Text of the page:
Back in 2012, a very revealing book about how Glock seized a major portion of the US handgun market, written by Bloomberg Businessweek columnist and assistant editor Paul Barrett, was released. Either Barrett or his publisher or his publisher chose the title Glock: The Rise of America’s Gun.
Many years earlier, Arizona gunner Mark Moritz, with Gunsite’s iconic 1911 pistol in mind, coined the term NDP – Non-Dedicated Personnel. From my brief correspondence with Mark, he was thinking mostly of a large segment of police and military personnel. That was also before roughly 73% of the US population lived in jurisdictions where law-abiding adults may lawfully carry firearms discreetly, albeit usually with a permission slip issued by the county or the state. Mark does not seem to have any objection to my extension of the term to the armed private citizen who is not actually a firearm enthusiast.
As I recall, Mark was looking mostly at cops – most of whom are not firearm enthusiasts and many of whom only carry a gun because it is required of them – who mostly carried revolvers at the time. Mark argued that, while the 1911 might be a fine choice as a gunfighting tool for someone dedicated to building and maintaining the skill to use it proficiently and safely, it is a poor choice for those who will not dedicate such time – the non-dedicated personnel.
Only a very small proportion of American civilian (those not currently serving in the military) cops have ever carried the 1911 as a duty pistol. Today, after the virtual abandonment of the revolver as a duty gun, an American cop is more likely to carry a Glock pistol than one of any other brand.
Construction and aesthetics aside, it’s not much of a stretch to think of the Glock as an analog of the 1911. However, Glock has placed the equivalent of the grip safety on the face of the trigger. Perhaps more importantly, the thumb safety (not incorporated in the Model of 1911’s evolution until partway through the very limited production of the Model of 1910) has been deleted.
Okay, “where’s the beef?”
I am neither biased nor ignorant enough to suggest that American cops did not have negligent discharges with double-action revolvers. I believe, however, that a large proportion of those were associated with having thumb-cocked the hammer. In some of those cases, an issue may have been not having taught officers how to decock the revolver safely. The overall problem was great enough that a few departments – most notably LAPD – eventually required that all revolvers carried on duty be rendered double-action-only. Still, one feature of the double-action revolver that appeals to many potential buyers is the ease of verifying loaded or unloaded status by swinging the cylinder free of the frame.
As the original Glock 17 began establishing its footprint in the US, more than one instructor made the observation that its strong point was that it was so easy to shoot and that its weak point was that it was so easy to shoot. I monitor firearm-related news across the nation daily and it’s a rare week that I don’t find at least one report of a negligent discharge of a Glock being stuffed into the front of someone’s pants (see my earlier comments on appendix carry) or being disassembled for cleaning. Perhaps it’s mostly due to its ubiquity but the brand also seems to be involved in many of the reports of children firing guns found in the home or in vehicles.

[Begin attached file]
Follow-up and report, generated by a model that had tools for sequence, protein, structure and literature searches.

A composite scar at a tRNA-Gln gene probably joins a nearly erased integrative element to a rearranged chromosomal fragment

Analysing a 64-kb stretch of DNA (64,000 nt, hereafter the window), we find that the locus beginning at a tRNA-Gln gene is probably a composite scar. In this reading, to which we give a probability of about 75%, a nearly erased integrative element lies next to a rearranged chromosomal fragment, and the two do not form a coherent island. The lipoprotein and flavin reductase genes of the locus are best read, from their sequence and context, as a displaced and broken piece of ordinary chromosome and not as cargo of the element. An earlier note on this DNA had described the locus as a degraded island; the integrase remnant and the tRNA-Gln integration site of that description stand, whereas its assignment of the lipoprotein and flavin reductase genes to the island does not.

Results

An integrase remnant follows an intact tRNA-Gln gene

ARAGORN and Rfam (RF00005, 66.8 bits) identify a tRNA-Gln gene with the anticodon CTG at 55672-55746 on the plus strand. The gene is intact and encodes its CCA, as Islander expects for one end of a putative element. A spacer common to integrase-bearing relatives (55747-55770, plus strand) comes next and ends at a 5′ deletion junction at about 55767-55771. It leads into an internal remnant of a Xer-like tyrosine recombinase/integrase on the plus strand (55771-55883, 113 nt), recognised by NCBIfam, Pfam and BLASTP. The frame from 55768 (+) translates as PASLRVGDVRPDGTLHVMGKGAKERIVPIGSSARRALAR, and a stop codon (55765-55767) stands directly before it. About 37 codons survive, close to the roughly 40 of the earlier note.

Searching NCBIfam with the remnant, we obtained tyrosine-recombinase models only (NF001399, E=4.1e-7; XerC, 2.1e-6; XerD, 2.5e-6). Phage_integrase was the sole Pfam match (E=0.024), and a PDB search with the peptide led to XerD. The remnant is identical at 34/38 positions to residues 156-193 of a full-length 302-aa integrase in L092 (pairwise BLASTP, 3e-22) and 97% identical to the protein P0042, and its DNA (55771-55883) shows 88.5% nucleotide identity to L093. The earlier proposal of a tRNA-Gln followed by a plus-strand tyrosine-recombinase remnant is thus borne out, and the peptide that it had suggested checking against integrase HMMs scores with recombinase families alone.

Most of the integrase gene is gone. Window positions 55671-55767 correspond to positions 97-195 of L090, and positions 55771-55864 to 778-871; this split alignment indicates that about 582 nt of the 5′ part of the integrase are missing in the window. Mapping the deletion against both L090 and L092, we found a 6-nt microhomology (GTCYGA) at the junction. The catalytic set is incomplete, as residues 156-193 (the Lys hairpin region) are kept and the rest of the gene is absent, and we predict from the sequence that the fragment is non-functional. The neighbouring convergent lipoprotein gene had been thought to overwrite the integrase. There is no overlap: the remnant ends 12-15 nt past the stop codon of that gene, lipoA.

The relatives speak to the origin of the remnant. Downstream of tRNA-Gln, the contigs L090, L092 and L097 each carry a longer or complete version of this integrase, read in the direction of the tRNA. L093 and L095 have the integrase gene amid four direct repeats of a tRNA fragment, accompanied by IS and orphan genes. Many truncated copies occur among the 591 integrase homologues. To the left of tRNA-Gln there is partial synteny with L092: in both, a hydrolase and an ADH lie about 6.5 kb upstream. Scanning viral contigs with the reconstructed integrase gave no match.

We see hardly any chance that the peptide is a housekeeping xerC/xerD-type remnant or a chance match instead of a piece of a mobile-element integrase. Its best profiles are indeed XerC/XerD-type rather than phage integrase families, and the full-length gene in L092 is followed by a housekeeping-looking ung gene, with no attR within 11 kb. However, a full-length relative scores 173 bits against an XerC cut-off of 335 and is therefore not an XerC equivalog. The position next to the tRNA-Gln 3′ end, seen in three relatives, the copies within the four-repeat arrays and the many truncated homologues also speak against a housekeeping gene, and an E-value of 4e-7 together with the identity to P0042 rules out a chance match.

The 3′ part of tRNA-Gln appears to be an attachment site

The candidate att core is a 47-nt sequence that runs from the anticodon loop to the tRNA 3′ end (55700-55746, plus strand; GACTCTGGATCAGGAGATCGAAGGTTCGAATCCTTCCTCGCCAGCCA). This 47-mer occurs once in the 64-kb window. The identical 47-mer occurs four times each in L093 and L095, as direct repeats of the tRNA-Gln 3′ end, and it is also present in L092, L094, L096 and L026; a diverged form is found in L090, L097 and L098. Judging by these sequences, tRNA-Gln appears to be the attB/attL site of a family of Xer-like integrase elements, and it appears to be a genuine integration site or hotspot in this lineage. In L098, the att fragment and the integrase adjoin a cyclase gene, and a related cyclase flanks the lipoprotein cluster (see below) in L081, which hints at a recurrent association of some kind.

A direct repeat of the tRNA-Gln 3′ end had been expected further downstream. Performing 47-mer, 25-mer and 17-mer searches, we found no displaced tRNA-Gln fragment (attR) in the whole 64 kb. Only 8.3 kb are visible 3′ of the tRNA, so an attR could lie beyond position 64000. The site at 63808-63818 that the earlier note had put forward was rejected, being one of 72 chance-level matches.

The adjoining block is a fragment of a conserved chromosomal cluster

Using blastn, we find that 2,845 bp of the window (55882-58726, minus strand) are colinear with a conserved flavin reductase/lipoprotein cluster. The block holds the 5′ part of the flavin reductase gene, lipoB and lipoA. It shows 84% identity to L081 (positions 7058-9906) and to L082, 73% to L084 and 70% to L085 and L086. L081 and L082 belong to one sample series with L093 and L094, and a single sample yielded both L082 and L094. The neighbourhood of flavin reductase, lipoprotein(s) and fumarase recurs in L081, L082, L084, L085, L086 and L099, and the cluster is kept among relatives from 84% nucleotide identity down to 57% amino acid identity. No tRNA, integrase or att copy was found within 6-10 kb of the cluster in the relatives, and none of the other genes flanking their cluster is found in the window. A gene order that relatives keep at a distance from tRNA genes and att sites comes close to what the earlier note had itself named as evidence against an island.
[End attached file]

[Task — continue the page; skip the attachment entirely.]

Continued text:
Do these observations make me a Glock-basher? Not really. The Glock – along with some other pistols that share some of the same features – is a great tool in the hands of the dedicated user, who will train to carry, use, disassemble and store the pistol in compliance with The Rules. Sadly it is widely issued to police officers, correctional and detention officers and even to some private security officers, including those contracted to guard government buildings. It is the NDP’s among them who are responsible for many of those news reports. Add to those many NDP’s among the general public who make their choice of a handgun based on what they see in police holsters.
Should any NDP own a gun? Probably not but it may be a matter of degree. I make no argument that those who purchase a double-action revolver are free to place the finger inside the trigger guard before they are prepared to fire nor that those guns may be left unsecured against unauthorized access, including stored in parked vehicles. Still, it takes a greater effort to stroke a double-action trigger to the firing point than inadvertently to fire a Glock with the standard trigger spring. It’s also easier to verify by sight and feel that every chamber in the cylinder of a revolver is either charged or empty than it is for many people to perform the equivalent checks safely with a pistol.
What about those NDP’s for whom a double-action revolver is a poor fit? I’d advise evaluating a trigger with a longer, more palpable stroke (a shift in that direction can be installation of the New York 1 Trigger Spring in a Glock). I’d also be wary of a pistol that requires a press of the trigger in order to remove the slide from the frame. If your carry system could force you to cross your own legs with the muzzle if you must draw and/or reholster while seated, a thumb safety – such as incorporated on the original S&W Shield – may be a wise choice for those who prefer a pistol with a short-stroke trigger.
While there’s absolutely no substitute for following The Rules, some instructors are big fans of supplementing them with the use of the Safe Direction Academy Pad for all loading and unloading of “bottom-feeding” pistols off the range.
Again, the Glock can be a great pistol for the dedicated user. I just don’t get warm, fuzzy feelings having the Glock as “America’s gun.”
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